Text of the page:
Date: 3 December 2022 (at the end of the IAL-IPA joint meeting)
Venue: To be confirmed (San Carlos de Bariloche, Argentina)
This working group aims at integrating regional records of human traces in geological archives to provide a global synthesis of how and when these manifest themselves in different parts of the world.
The two principal objectives are:
1. To contextualize the Anthropocene Epoch in a long-term global perspective; and
2. To establish a database on Human Traces records that will evolve with community needs.
It was decided to hold the first in person workshop at the end of the IAL-IPA Joint Conference (International Association of Limnogeology – International Paleolimnology Association), which brings together up to 100 lake sediment experts, based on previous editions.
This first workshop will focus on launching a lake sediment database, which was initiated by the Aquatic Transition WG.
The workshop will be dedicated to finish setting up and fine-tuning the database, establishing the protocols to populate it, and assigning regional managers.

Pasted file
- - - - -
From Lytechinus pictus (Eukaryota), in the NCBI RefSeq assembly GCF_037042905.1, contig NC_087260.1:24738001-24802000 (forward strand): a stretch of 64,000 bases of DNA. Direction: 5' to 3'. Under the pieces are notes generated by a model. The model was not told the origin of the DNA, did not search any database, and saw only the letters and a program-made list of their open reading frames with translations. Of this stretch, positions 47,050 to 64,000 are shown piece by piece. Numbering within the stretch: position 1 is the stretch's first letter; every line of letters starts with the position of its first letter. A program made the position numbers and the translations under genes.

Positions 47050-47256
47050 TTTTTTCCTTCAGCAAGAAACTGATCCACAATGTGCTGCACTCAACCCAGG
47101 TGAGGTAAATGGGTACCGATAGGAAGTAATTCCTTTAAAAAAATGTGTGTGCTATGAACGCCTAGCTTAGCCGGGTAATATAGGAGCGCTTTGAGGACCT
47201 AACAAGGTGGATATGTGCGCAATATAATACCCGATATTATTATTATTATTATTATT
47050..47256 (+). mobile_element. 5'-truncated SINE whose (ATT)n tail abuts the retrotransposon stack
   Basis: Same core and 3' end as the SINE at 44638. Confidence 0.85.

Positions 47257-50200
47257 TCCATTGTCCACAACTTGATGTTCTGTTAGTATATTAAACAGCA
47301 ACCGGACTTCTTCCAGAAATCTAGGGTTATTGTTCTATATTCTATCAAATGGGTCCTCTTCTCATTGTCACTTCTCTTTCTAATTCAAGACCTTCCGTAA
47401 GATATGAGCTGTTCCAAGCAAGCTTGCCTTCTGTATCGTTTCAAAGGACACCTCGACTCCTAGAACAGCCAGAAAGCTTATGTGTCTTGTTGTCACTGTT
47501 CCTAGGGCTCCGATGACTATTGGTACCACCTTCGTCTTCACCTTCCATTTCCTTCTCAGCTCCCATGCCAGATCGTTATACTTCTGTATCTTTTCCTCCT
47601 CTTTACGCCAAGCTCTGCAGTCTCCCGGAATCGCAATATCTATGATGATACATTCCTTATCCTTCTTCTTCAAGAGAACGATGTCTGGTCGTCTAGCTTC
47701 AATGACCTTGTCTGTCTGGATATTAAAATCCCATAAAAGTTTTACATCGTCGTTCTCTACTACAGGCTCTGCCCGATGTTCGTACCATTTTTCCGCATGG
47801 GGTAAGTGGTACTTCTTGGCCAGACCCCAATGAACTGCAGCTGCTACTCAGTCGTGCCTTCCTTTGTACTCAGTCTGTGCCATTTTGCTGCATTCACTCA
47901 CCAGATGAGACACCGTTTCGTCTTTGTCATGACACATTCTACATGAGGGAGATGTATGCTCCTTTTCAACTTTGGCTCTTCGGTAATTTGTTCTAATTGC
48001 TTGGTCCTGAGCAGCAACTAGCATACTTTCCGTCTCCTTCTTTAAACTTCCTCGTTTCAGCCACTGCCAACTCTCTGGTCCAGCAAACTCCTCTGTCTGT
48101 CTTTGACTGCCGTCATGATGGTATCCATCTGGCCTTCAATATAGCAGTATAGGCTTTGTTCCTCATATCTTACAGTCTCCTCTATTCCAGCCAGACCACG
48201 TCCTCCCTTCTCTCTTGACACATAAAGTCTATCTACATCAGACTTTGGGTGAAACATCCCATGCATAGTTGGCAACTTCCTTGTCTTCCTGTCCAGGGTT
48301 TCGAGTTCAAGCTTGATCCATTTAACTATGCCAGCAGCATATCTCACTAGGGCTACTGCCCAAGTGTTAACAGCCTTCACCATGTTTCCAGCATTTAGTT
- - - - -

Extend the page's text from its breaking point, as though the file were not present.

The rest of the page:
IAL-IPA joint meeting "Lakes as Memories of the Landscape"
In addition to this, Human Traces will be holding a session during the IAL-IPA Joint Conference taking place in Bariloche, Argentina from 27 November - 1 December 2022:
Session FS29 - Human Traces in the aquatic sedimentary record
Émilie Saulnier-Talbot, Université Laval, Canada, firstname.lastname@example.org
Members of the PAGES Human Traces Working Group
Human Traces is a PAGES (Past Global Changes) working group which aims to contextualize the Anthropocene Epoch in a long-term, global perspective by synthesizing records of human traces in geologic archives. The objective of this session is to present examples of how traces of human presence and activity manifest in aquatic sedimentary archives from different parts of the world, depending on regional aspects of natural and human-induced changes through time. We seek communications on any aspect of human traces in the sedimentary record of lakes, ponds, wetlands, and coasts. Data presented in this session will be considered for inclusion in the Human Traces database, a new resource that the working group is developing which aims to assemble information that will enable the establishment of temporal trends of human activity linked to environmental change across various spatial and temporal scales.
Please send an email to Nathalie Dubois: Nathalie.email@example.com to register.
Early Career Researchers and Researchers from low income countries are invited to apply for financial support by sending a 1 page motivation letter and 2 page CV to Nathalie Dubois.
Please contact Nathalie Dubois for further information: Nathalie.firstname.lastname@example.org